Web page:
Low Impact Development (LID)

San Antonio River

What is Low Impact Development?

Low Impact Development (LID) is a sustainable land planning and design approach that manages stormwater on site. It is a set of tools specifically created to mitigate the pollutants and other unhealthy components of stormwater runoff. Examples are rain gardens, stormwater harvesting cisterns, and permeable pavement.

LID design

  • Maintains or enhances on-site natural features to drain the site and manage pollutants after development

  • Reduces impervious cover and/or disconnect impervious areas from the storm drain/stream network.

Components of a Sustainable Watershed

  • Good Water Quality
    Creeks and rivers with good water quality have very low levels of pollutants and contaminants. They are safe for recreation such as swimming and kayaking and are a healthy home for wildlife.

  • Healthy Riparian Habitats
    A healthy riparian habitat contains native vegetation that acts as a buffer that filters out pollutants before they enter creeks or streams. Healthy riparian habitats are also able to support a diverse array of native animal species.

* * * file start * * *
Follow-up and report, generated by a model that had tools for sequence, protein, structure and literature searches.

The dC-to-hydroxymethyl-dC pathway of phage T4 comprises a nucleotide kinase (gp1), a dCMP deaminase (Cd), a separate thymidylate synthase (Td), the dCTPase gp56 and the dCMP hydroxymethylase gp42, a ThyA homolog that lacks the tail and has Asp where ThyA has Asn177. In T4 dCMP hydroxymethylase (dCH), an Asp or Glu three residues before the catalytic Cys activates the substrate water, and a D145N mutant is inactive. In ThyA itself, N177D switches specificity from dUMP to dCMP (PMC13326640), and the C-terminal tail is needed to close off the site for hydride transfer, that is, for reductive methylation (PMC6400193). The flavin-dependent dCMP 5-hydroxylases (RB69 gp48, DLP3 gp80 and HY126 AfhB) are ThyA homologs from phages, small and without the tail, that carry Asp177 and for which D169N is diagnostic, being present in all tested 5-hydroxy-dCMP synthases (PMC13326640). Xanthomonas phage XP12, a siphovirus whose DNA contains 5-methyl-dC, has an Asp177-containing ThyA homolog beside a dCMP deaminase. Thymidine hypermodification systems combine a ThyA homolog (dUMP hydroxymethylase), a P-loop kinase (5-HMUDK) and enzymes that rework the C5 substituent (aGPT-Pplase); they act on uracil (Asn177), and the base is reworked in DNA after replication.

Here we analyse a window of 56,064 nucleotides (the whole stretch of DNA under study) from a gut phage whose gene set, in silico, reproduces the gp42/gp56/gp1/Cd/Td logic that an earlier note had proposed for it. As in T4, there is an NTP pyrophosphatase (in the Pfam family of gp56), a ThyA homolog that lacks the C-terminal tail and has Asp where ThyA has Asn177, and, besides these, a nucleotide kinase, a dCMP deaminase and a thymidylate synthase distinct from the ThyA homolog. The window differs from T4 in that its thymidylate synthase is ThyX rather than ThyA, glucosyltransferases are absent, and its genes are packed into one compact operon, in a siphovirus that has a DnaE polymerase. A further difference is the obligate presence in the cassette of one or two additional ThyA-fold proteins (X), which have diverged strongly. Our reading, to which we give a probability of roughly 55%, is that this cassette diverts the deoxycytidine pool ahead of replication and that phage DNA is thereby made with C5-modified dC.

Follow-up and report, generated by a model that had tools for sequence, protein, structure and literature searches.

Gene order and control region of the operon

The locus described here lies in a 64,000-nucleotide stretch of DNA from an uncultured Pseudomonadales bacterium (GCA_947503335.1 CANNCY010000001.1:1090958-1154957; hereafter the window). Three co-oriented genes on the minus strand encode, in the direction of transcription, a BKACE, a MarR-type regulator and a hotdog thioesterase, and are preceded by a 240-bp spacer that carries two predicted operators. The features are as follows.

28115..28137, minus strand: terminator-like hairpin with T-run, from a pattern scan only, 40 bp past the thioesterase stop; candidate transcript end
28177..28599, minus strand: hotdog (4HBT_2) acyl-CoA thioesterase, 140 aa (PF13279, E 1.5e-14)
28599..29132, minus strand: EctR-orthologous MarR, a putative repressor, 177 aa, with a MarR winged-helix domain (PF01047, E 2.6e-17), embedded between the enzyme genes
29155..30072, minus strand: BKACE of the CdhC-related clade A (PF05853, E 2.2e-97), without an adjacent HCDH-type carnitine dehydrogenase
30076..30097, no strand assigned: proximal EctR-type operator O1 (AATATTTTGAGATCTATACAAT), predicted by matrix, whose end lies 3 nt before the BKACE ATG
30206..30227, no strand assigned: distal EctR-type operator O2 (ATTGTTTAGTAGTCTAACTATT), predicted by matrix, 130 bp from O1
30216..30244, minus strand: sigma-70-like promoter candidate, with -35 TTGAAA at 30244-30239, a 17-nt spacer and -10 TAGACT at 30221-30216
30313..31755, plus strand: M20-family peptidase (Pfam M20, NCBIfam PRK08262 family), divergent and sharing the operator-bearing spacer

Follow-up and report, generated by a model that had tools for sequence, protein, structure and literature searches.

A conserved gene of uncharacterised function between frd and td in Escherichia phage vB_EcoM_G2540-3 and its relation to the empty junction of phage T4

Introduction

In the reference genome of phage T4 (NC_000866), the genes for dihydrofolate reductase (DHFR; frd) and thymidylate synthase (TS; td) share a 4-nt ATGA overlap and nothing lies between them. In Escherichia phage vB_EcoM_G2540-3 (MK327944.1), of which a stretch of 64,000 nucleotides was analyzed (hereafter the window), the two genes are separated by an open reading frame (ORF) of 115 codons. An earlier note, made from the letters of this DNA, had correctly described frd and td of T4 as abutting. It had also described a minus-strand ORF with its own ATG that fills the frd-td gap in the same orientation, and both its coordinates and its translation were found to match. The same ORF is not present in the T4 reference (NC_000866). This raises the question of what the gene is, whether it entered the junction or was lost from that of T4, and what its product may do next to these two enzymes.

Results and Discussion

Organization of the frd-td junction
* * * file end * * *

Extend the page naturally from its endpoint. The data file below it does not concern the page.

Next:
• Healthy Aquatic Habitats
    A healthy aquatic habitat provides a safe home for aquatic animals that live in our watershed. A healthy aquatic habitat is free of pollution and contains a variety of areas for animals to live.

  • Sustainable Stormwater Infrastructure
    In a sustainable watershed, low impact development (LID), green infrastructure, stormwater parks, innovative parking paradigms, and other technologies and policy actually reduce the amount of taxpayer funded infrastructure that is needed.


San Antonio River Basin LID Technical Design Manual Content Overview

The manual addresses the design, specifications, and details of individual LID best management practices (BMPs). Since future maintenance should be considered during the design process, preferably by incorporating maintenance staff into the planning and design process, the manual also includes maintenance guidance. The manual provides guidance both on design considerations influenced by maintenance and on general maintenance practices for each BMP.

The manual also provides a segment on treatment trains, showing three different popular configurations of BMPs working in sequence for enhanced performance. Multiple treatment processes in either individual or multiple BMPs are called a treatment train. Treatment trains maximize the treatment of pollutants within the runoff. For example, vegetated filter strips designed to convey runoff from a road may be directed into an infiltrating bioretention cell that is designed to capture pollutants and provide volume reduction. Another example is the use of manufactured products for pre-treatment, filtering, trash removal, and oil and grease removal as the first structural BMP in a treatment train. Developer flexibility is enhanced by the many treatment train BMP combinations that can be designed.

Natural Channel Design Protocol Manual